CDC Foundation Supports Arts and Cultural Organizations to Build Confidence in COVID-19 and Seasonal Influenza Vaccines

Organizations will create innovative, arts and culture-based approaches to promote vaccine education and acceptance

COVID-19 cases are on the rise again across much of the United States as the highly contagious Omicron and Delta variants continue to spread. Increasing the rate of vaccination in all communities is critical in order to avoid another prolonged deadly coronavirus surge. Organizations and individuals across the country have helped share this urgent message, building vaccine confidence within their communities. Since the start of the pandemic, artists and cultural organizations have been among these key messengers. Today, the CDC Foundation is recognizing the critical role of the arts and culture in advancing public health outcomes. With $2.5 million in funding from the Centers for Disease Control and Prevention (CDC), the CDC Foundation is providing grants to 30 organizations that are engaging the arts to build vaccine confidence throughout the United States.

The CDC Foundation is collaborating with the National Endowment for the Arts (NEA) to support organizations using the arts and culture to educate local communities about vaccine safety and efficacy. The funded organizations—which include arts, cultural, public health, higher education and other types of organizations—will create work that inspires people to get vaccinated by providing accurate information about the COVID-19 and influenza vaccines in creative, engaging ways.

The announcement comes as COVID-19 vaccination rates hover around 62 percent of the U.S. population being fully vaccinated—with uptake remaining much lower in many rural populations and communities of color.

The arts and culture can be crucial tools in public health communication. Because local artists have long served as trusted messengers and translators of vital information in their communities, they can support vaccine education and acceptance in ways that cut through cultural barriers, skepticism and misinformation.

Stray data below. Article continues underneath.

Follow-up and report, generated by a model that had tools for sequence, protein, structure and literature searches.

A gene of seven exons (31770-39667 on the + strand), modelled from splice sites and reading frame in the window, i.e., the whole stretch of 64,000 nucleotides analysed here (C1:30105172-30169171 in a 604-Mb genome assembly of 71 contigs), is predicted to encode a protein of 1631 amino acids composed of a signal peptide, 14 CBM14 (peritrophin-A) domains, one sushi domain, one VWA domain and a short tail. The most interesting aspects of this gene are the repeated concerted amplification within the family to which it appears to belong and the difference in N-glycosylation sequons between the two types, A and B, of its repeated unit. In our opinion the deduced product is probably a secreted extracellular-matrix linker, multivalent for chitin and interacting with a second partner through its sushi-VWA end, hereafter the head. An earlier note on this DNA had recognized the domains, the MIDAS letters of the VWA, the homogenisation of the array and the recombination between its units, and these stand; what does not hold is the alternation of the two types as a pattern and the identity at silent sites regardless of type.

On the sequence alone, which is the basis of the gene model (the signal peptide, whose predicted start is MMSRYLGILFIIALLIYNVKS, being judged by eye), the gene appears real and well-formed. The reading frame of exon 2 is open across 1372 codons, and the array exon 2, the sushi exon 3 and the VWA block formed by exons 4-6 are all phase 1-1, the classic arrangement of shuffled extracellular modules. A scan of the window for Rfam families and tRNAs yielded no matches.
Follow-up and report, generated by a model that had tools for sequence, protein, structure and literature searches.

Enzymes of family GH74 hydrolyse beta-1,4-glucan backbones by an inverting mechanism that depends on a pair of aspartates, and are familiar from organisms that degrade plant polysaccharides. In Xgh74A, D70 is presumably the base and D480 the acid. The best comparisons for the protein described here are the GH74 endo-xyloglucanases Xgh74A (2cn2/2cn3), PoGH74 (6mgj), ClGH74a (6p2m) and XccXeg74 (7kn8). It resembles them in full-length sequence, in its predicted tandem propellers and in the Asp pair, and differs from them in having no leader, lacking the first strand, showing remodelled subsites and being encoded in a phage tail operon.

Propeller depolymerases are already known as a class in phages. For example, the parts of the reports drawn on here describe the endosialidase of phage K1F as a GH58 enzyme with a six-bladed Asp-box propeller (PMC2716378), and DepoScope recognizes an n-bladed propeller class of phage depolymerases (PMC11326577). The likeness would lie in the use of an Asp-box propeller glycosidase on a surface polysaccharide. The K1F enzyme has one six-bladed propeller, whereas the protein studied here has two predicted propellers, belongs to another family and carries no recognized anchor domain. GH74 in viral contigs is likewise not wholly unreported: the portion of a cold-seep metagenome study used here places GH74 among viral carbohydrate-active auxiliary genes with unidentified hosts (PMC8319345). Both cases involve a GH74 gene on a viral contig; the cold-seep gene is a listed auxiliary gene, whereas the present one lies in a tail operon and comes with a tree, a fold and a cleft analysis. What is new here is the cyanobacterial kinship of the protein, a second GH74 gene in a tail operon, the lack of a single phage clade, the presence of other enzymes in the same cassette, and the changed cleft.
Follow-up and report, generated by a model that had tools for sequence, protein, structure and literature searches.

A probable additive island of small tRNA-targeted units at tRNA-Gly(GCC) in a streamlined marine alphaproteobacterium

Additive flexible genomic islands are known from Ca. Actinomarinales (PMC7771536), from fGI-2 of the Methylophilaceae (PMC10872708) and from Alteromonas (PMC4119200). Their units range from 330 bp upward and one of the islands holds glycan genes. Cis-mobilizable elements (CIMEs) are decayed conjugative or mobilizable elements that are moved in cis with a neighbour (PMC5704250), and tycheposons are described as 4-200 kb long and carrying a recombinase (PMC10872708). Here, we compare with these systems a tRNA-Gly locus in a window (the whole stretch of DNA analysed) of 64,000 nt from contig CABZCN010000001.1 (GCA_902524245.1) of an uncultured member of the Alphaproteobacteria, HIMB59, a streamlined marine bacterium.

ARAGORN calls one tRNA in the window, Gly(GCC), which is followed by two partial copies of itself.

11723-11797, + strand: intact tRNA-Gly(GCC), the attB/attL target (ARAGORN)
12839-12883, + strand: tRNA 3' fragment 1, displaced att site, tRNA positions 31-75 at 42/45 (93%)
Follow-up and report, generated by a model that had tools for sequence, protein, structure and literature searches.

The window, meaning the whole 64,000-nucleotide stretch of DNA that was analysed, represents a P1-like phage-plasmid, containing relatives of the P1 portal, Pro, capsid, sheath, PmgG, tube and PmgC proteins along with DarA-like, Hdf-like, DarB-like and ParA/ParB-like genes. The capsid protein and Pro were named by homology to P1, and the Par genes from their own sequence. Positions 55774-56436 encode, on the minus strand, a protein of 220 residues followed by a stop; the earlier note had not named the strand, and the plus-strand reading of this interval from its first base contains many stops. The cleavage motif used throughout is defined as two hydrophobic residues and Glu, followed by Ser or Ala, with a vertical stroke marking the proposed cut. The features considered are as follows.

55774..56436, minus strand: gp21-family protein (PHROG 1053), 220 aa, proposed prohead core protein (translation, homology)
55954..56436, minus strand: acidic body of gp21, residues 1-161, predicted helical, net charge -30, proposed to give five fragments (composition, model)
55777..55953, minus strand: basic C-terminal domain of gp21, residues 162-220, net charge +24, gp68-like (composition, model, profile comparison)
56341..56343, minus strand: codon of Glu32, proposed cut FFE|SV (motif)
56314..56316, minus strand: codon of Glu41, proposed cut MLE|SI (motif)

The funded projects, which span 18 states across every region of the country, will engage their communities by staging plays, commissioning posters and murals, sewing quilts, creating new dances, writing songs and much more. With these projects, arts and public health organizations will deliver accurate messaging in new ways.

“We are excited to bring the arts and science together in a really powerful way with these partnerships,” said Judy Monroe, MD, president and CEO of the CDC Foundation. “Through their chosen art forms, these organizations will be able to create accessible and inspiring work that communicates essential health information about the safety and importance of vaccination in protecting communities from COVID-19 and influenza.”

The work of the 30 organizations has the potential to reach not only their local communities, but also audiences around the country and the world. See a list of the funded organizations.

The grants were awarded through a competitive process and are funded by the CDC Foundation. Additionally, federal funding for this effort is made possible through cooperative agreement 5 NU38OT000288-04-00 from the Centers for Disease Control and Prevention (CDC) of the U.S. Department of Health and Human Services (HHS) totaling $2,500,000.00 with 100 percent funding from CDC/HHS.